The discussions over increasing the marketing of satoshis (sats), or the smallest unit of bitcoin (BTC), instead of BTC itself, re-emerged, but so does the opposition to the idea.
“It is time to switch to Satoshis. Too many people telling me at USD 58,000 BTC too expensive,” argued Galaxy Digital CEO Mike Novogratz, asking which exchange would be first to quote in sats.
Numerous industry players voiced their support and opposition to this. Among these, the concept of unit bias (buyers being more enticed to buy a whole unit of a crypto than a fraction of it) is discussed as a highly powerful one.
Others are arguing that quoting in sats would be somehow ‘cheapening’ bitcoin, but that it could also lead to a drop in price, while some opined that bitcoin’s high price is attracting large, institutional investors.
Other discussions include the preference for using bits, instead of sats.
The ‘satoshi’ discussion is not exactly new, and it’s been led from various angles over the years, and was fuelled further in the recent months by the bear reappearance and institutional entrance.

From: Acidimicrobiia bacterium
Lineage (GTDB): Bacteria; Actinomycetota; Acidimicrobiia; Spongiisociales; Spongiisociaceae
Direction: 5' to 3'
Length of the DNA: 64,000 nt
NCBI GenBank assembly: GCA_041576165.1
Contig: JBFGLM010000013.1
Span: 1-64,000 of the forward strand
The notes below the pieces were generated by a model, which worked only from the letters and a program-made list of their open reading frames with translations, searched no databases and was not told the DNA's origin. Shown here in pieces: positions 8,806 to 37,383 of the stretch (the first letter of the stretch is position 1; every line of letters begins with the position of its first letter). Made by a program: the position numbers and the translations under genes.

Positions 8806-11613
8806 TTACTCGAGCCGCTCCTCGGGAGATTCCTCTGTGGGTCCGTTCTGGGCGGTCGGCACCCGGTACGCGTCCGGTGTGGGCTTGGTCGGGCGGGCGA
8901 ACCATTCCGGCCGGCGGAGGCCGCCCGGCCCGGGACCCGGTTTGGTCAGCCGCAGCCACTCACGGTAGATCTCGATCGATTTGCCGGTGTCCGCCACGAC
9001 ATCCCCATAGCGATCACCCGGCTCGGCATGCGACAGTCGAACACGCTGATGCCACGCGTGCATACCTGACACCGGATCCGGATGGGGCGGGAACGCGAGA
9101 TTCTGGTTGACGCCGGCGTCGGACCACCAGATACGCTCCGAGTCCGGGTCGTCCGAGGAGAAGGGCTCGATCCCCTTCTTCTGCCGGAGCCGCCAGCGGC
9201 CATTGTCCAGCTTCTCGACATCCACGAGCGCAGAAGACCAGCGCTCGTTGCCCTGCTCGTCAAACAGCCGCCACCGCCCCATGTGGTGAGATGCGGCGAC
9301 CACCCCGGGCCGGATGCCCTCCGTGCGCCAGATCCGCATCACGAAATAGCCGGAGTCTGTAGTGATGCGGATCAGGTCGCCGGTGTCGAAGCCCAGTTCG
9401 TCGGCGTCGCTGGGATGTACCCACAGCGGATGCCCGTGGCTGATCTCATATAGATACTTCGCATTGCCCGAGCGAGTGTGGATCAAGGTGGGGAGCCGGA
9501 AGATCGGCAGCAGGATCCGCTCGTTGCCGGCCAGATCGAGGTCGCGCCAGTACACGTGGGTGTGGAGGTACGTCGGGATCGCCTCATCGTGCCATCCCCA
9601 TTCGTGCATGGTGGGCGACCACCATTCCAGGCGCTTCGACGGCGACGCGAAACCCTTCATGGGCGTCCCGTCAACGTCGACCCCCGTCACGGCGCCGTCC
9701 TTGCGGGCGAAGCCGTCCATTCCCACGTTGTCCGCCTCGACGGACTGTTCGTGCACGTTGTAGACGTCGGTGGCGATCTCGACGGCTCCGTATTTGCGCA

In late April this year, Coin Center Director of Communications Neeraj Agrawal asked: “has anyone tried marketing sats as the next bitcoin”.
And the smaller units have been tweeted about much earlier as well.
As reported last December, Adam Back – the CEO of the blockchain technology firm Blockstream, a leading cryptographer, and the inventor of hashcash, which is used in the Bitcoin mining process – argued that it was time to say farewell to sats.”Bitcoin is too expensive, but sats are too many, sound cheap and confusing,” Back said, favoring the division of bitcoin by 1m units instead.At 10:29 UTC, BTC trades at USD 58,020 and is almost unchanged in a day. The price is up by 2.6% in a week and is unchanged in a month.